TO MARKET, TO MARK-UP IN HONG KONG

Local vegetable market, Hong Kong Central.

Local vegetable market, Hong Kong Central.

What am I doing here? I don’t like shopping. I already have too much stuff, I’m not going to cook any food tonight and anything I buy I’ll have to lug around for the next few days.

So why does every visit to a new town start in places where buying and selling is the whole idea?

The recommended walking route through Hong Kong Central began with a whip through the historic Western Market. An imposing 19th century building it may be, but the tourist tat on sale inside didn’t hold our attention for more than a few minutes.

We did like the street signs, however.

We did like the street signs, however.

From there we took a stroll down the herbal medicine streets, where animals small and large had been sacrificed in the interests of human health. Here were deer antlers, snakes and lizards flattened and dried, tortoise shells and thousands of fins chopped from unfortunate sharks.

I don't know what these are (feel free to enlighten me if you know) but I understand they're supposed to be very good for you.

I don’t know what these are (feel free to enlighten me if you can) but I understand they’re supposed to be very good for you.

From there we made out way up through the antique district. ‘No photo’ said the sign in every shop window. Excuse me? You’re selling ivory and items plundered from ancient temples and you’re telling me it’s wrong to take photos. But it was impossible not to be impressed by the breathtaking prices and extraordinary carving. If the elephant had known his tusks were going to be turned into such artworks perhaps he would have volunteered to be slaughtered.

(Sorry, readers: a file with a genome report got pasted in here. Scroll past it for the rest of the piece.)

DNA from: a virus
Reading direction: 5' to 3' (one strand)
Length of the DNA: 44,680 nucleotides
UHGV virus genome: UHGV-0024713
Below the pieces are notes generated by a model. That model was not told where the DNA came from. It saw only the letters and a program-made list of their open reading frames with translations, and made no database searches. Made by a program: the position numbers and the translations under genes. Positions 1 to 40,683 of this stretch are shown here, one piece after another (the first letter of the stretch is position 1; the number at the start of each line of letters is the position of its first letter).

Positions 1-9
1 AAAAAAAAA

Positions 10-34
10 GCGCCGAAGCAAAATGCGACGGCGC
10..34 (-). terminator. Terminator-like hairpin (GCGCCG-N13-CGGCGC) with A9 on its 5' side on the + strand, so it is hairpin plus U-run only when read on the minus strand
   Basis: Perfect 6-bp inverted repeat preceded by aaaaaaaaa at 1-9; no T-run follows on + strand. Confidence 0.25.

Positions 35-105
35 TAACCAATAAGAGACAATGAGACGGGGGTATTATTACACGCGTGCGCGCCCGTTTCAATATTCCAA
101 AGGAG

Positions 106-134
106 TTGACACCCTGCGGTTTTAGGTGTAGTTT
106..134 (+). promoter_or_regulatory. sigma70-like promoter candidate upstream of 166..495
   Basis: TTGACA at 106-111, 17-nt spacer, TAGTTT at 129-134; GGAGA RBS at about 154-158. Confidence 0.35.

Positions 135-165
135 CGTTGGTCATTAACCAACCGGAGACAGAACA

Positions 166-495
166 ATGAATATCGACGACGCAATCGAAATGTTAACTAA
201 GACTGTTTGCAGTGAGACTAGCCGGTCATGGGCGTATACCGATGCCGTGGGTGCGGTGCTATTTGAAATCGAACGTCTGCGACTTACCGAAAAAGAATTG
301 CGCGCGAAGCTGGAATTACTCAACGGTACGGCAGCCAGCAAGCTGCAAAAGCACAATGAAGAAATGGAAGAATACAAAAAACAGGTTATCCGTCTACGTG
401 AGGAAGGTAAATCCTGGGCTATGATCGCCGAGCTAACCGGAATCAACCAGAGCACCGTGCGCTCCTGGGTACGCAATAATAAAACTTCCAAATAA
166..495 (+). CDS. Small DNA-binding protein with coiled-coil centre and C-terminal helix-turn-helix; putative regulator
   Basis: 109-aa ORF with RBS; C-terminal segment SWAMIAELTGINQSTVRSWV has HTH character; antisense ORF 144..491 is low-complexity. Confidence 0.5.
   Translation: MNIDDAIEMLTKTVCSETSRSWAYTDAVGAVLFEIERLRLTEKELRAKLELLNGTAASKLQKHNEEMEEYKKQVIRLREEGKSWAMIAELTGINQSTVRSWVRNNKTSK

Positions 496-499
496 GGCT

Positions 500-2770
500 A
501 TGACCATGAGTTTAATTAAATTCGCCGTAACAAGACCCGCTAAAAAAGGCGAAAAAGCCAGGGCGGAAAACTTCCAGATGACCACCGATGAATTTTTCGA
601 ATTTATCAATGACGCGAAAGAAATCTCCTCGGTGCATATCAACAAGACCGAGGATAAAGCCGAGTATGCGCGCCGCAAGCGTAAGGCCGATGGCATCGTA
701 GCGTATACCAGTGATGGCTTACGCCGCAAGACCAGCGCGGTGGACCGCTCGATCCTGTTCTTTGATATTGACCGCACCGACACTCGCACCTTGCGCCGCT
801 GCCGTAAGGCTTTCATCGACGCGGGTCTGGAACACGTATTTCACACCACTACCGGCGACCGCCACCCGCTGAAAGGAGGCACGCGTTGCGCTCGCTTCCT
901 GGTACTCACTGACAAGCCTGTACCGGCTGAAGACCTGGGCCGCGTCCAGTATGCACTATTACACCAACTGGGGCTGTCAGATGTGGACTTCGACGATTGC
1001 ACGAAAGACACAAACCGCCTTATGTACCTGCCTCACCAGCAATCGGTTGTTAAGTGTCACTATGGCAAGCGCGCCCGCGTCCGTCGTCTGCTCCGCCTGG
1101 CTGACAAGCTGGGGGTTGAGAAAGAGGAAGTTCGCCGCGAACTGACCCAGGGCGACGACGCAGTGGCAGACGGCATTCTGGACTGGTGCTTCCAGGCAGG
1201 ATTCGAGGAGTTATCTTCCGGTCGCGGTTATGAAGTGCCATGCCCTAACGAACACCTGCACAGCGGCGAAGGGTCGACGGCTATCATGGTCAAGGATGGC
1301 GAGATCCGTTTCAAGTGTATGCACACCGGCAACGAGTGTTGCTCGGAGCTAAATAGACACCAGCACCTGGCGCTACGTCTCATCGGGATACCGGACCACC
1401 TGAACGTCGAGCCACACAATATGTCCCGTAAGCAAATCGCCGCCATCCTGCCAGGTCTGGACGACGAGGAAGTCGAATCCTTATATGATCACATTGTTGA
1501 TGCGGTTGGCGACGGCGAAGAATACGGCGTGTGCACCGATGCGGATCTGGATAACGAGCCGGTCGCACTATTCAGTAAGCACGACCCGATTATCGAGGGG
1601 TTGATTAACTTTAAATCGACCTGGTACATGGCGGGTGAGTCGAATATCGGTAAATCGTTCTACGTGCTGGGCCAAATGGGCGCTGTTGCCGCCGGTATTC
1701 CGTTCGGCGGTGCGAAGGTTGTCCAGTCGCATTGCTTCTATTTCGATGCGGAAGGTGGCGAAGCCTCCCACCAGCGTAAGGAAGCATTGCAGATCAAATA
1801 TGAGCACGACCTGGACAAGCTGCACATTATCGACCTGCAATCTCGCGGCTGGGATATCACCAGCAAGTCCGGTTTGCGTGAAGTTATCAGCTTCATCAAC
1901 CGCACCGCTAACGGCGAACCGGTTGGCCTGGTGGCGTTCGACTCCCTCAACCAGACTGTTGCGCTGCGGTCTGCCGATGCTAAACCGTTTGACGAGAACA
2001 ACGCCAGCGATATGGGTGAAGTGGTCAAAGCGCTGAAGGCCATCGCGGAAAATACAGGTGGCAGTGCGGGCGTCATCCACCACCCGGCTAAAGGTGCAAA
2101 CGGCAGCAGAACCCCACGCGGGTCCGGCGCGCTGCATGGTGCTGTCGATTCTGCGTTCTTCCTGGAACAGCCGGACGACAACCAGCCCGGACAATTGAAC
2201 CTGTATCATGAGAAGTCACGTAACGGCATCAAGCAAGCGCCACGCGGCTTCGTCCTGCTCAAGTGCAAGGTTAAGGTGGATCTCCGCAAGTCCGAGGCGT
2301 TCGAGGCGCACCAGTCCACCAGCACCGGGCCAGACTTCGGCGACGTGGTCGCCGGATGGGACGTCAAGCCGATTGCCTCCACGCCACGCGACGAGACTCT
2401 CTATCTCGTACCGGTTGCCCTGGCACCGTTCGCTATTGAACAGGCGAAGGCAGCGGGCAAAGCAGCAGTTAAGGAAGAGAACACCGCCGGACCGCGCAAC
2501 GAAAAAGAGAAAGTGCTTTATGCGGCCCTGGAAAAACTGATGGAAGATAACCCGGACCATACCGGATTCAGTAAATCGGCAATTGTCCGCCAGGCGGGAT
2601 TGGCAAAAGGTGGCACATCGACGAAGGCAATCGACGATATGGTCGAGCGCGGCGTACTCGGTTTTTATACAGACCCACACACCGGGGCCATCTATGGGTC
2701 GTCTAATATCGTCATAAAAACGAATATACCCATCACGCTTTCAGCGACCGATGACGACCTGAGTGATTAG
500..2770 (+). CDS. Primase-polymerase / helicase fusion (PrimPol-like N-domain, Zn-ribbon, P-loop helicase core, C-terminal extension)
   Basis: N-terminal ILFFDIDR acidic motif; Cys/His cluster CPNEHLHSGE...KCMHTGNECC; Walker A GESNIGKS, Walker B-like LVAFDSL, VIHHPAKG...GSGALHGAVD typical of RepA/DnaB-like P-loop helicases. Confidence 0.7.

Have I got a Chinese horse for you!

Yes, yes, I’ve got your Chinese horse here. He’s just getting something to eat.

Stanley Markets are a Hong Kong institution, though sad to say we found them a disappointment too; they sell much the same things that can be found in any touristy market anywhere in the world.

Stanley Markets -  the place to buy a sunhat, which you possibly wouldn't need if you'd never come to Stanley Beach.

Stanley Markets – the place to buy a sunhat, which you probably wouldn’t need if you hadn’t come to Stanley.

All that aside, we enjoyed our day. Markets may not give much insight into how the locals live; locals do their shopping in supermarkets and shopping malls like the rest of us. But the markets did give our ramble through Hong Hong a vague sense of direction.

And getting there was more than half the fun…as the next post will show.

Are there better Hong Kong markets that we missed? Have you had the same experience of market disappointment? Let me know.

3 Comments

Filed under Travel

3 responses to “TO MARKET, TO MARK-UP IN HONG KONG

  1. I hate shopping and I hate markets. I can still recall being dragged around Leicester market by my mum when I was about 5 years old. If I go to a market now then it is because I have been tricked!

  2. I remember Hong Kong, all that orderliness-out-of-chaos. Those venders selling whatever, that smelled so good. Tailor shops that served beer after hours (purchase was necessary).

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